Ek OMKar
One immutable OM

The English translation of Gurbani is as per by this devotee of Lord Govind. This translation is just for a quick meaning. However, the exact meaning can only be felt by the grace of Guru or of Lord Ram Himself. Please excuse this little servant of Hri if it contains errors and please help me to improve the content by notifying me the errors.

Many names for God are used in Sri Guru Granth Sahib by Gurus and various other devotees at various places. The Name Hri appears 8344 times, Ram 2533 times, Gopal (Sustainer of the Earth = Krishna) 491 times, Gobind (The One Who takes care of the Earth = Krishna) 475 times, Prabhu 1371 times, Murari (Enemy of Mur Raksh = Vishnu, Krishna) 97 times, Narayan (The One who rests on water) 85 times, Allah 46 times, Bhagwan 30 times, Madhav (consort (dhava) of the Mother (Ma), or Mahalaksmi, the Mother of the universe) 27 times, Krishna 22 times, Rab 17 times, Narsingh (Incarnation of Vishnu with head of tiger and body of man) 16 times, Damodar (tied by rope (dama) around the belly (udara), Krishna) 15 times, Banwari (the one living in the groves of Vrindavan = Krishna) 15 times, Waheguru 13 times, and Madhu Sudan (Enemy of Madhu Raksh = Vishnu, Krishna) 9 times. Thus the Bani in Sri Guru Granth Sahib encourage universal brotherhood.

One thing also came to my notice that the word Waheguru (ਵਾਹਿਗੁਰੂ) which is made from the combination of two words "Wahe" from Persian word "Wah" meaning wonderful or wow and Sanskrit word "Guru" thus meaning Wonderful Guru was never used by Sikh Gurus and is absent from their compositions in Sri Guru Granth Sahib. However the word Waheguru comes 16 times in SGGS on page 1402 & 1403 in Sawayias Mehlay Chauthay K 4 (containing praises of Guru Ramdas) composed by Bhatt Gyand. So many theologians believe that the word Waheguru actually is used to address honorable Guru but not God.ref Guru Gobind Singh ji designated “Waheguru Ji Ka Khalsa Waheguru Ji Ki Fateh” to Bhai Mani Singh as Sikh Salutation and according to many theologians it translates to "Khalsa belongs to Wonderful Guru, Victory is to the Wonderful Guru". However I believe that the word "Hri" which Gurus used extensively throughout their compositions as could also be inferred from the fact that it has been used for as many as 8344 times in Sri Guru Granth Sahib, should be used more often by Sikhs in their daily lives and also in Gurudwaras.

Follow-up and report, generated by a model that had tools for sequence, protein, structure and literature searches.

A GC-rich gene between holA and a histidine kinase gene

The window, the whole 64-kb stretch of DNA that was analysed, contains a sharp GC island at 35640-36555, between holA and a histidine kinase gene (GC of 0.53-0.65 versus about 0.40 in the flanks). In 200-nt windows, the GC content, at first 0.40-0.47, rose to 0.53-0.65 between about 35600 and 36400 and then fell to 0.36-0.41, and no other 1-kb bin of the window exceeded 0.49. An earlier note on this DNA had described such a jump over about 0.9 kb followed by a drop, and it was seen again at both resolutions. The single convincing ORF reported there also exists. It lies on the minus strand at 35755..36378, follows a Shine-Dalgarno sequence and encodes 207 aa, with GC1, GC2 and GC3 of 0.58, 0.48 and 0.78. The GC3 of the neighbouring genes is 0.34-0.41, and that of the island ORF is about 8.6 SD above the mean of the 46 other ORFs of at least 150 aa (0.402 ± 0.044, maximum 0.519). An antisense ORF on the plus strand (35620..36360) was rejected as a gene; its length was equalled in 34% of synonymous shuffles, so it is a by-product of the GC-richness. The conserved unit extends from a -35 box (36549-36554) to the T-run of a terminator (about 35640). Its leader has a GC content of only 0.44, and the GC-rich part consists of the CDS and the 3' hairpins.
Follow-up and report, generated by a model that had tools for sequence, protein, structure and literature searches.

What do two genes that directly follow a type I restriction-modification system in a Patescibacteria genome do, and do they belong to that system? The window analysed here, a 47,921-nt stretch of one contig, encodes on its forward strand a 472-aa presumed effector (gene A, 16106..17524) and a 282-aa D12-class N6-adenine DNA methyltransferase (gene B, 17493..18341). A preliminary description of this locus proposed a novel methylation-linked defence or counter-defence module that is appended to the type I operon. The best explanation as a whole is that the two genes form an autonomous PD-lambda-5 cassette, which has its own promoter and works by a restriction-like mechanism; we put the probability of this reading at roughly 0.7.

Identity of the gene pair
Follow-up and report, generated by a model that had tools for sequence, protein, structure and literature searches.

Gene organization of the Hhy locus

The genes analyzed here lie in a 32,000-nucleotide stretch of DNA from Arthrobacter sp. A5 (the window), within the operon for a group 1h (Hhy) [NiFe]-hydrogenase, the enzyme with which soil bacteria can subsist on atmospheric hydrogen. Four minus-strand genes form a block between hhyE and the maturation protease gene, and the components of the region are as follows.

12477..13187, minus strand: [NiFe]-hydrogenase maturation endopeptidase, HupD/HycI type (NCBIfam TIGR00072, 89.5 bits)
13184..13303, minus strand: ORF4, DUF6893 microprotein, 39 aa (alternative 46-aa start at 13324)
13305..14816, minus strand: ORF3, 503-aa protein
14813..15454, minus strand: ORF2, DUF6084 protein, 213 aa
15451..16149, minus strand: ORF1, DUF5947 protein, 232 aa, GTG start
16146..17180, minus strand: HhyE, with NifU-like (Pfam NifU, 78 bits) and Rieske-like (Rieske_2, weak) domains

Hri OM